In this same article, Corbyn then spelled out his belief that the Iraq war was partly waged partly to “secure Israel’s oil supplies”. He wrote: ”The occupying forces are well aware of that and, in their cold calculations, the US and British want to ensure that Iraq is, essentially, a client state. The reality is that the plan is to reward donors to Bush’s election funds with contracts, to secure Israel’s oil supplies and to provide permanent bases for the US.”

Corbyn doubted Bin Laden’s presence in Afghanistan at the time of 9/11 attacks

Theories about the PNAC appear to be a part of the 9/11 “truther” movement — the community of conspiracy theorists preoccupied with the terror attacks. I can also numerous articles in which Jeremy Corbyn questioned the motives of going to war in Aghanistan by suggesting Bin Laden might not have been in the country, or that there were other inconsistencies.

By 2004, it was long beyond doubt Bin Laden and Al Qaeda were responsible for the attacks, but writing three years after, Corbyn referred to “alleged perpetrators”. He suggested: “post-September 11 2001, the US regime launched a massive invasion and bombing of Afghanistan to deal with the alleged perpetrators of the New York outrage.”

Writing in 2008, Corbyn seemed skeptical that Bin Laden was in Afghanistan at the time of the attacks: “the Afghan war was fought on the assumption that Osama bin Laden was hiding there after September 11 2001 and that the stability of the whole world relies on the West getting its way in that country.”

In 2009, he used the term “supposedly” to refer to Bin Laden’s whereabouts, and claimed the US and UK made no attempt at seizing the terror leader without war. “The war started eight years ago in 2001, supposedly because the government of Afghanistan was concealing Osama bin Laden. Neither Bush nor Blair appeared interested in any kind of diplomatic outcome.” The latter point is wrong, in reality that the Taliban repeatedly rejected demands to hand over Bin Laden.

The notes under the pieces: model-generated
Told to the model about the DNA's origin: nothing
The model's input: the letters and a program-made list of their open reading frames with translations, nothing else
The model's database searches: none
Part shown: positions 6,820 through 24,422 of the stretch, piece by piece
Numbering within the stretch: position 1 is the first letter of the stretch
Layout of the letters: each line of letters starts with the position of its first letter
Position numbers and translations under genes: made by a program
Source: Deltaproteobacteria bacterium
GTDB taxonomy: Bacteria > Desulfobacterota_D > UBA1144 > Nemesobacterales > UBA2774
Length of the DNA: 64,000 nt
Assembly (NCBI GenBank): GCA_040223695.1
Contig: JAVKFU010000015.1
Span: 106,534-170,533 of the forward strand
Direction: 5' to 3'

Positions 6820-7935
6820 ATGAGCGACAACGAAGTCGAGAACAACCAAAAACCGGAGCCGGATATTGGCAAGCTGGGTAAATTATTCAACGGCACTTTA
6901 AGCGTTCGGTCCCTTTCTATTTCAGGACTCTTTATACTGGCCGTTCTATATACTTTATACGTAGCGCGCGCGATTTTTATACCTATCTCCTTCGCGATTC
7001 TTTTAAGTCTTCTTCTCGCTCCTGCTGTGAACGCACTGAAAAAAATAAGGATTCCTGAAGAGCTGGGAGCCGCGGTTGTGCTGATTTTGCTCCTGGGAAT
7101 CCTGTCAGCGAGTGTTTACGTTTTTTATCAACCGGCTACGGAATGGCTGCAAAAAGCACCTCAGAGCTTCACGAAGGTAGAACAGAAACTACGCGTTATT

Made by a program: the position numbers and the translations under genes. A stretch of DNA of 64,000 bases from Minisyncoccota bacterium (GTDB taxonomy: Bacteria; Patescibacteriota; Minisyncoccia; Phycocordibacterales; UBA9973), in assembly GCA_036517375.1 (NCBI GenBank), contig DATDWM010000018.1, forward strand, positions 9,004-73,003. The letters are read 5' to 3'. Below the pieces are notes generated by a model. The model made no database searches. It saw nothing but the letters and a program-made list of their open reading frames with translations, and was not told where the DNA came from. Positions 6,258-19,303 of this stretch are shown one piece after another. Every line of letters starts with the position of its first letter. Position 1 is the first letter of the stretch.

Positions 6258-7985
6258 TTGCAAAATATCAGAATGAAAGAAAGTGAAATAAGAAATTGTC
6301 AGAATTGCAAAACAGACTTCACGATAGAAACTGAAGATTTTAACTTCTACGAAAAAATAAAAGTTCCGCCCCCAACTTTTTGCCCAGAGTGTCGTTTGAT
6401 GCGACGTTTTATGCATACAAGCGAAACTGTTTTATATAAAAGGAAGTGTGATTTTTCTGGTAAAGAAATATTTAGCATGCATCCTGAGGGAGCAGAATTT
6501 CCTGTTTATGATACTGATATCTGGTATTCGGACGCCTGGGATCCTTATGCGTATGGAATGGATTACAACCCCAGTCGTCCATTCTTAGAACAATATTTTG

In March 2011, Corbyn seemed to cast doubt not just on Bin Laden’s location but adopted an odd choice of words about his responsibility — “the Afghan adventure was based on the theory that Osama Bin Laden had bombed the US and therefore bombing Afghanistan would lead to his capture and the whole matter would be swiftly ended.”

Finally, in an article he wrote for CNN in 2011, Corbyn claimed there were “contradictions” in the invasion of Afghanistan because of supposed links between Bin Laden and the United States: “the invasion duly happened; predictably the Afghan forces were over-run and the hunt was on for Bin Laden…There were many contradictions in all this. Bin Laden and his companies had been associated with the U.S. and even reportedly the Bush family. The statements by were more concerned about U.S. forces in Saudi Arabia than anything else.”

Conclusion — PNAC conspiracy theory is central in Corbyn’s world view

Author Robin Yassin-Kassab notes that when giving talks about Syria to left-wing audiences he’s often asked the same questions. Are the Rothschilds behind the war in Syria? Did Israel create ISIS? Or is it all the fault of the Project for a New American Century? He points out the absurdity: “as if a paper written years ago by Jewish Americans bears more weight than the unbearable oppression of the Assad regime.”

Back in 2004, David Brooks wrote in the New York Times of a growing antisemitic conspiracy about the small group of policy wonks. He wrote: “full-mooners [are] fixated on a think tank called the Project for a New American Century, which has a staff of five and issues memos on foreign policy. To hear these people describe it, PNAC is a sort of Yiddish Trilateral Commission, the nexus of the sprawling neocon tentacles”.

It is disturbing that the Labour leader promoted this theory over the past two decades. It also appears the PNAC conspiracy was the driving force behind the Stop the War Coalition.

John Rees, who like Corbyn co-founded the Stop the War Coalition, suggested in 2016 that the anti-war group was created partly because of the PNAC.

Rees said: “We understood what was happening with American imperialism and therefore when 9/11 happened, we automatically assumed that this would be used as a trigger by the Bush administration to enact the project for a new American century. So we were, if you like, intellectually and theoretically in the right place before the event happened. So we reacted very quickly. The first meeting of the Stop the War Coalition was held — I think 9/11 was a Tuesday and on the Friday of the following week we had the first Stop the War rally. I wrote the first leaflet. It was called Stop the War before It Starts. And the leaflet said they are going to use this to attack Iraq and Afghanistan.” ()

Just earlier this month, Corbyn spoke of “conspiracy theorists” “who see Muslims and migrants or George Soros as their enemy.” It is important to address antisemitic tropes about the philanthropist George Soros — but Corbyn’s hypocrisy is staggering given his own record of promoting conspiracies about the Project for a New American Century that capitalise on antisemitic themes of world domination, causing wars, and and profiteering from conflict.

Jeremy Corbyn MP -“Stop the Gaza Massacre Rally in London” 8 January 2009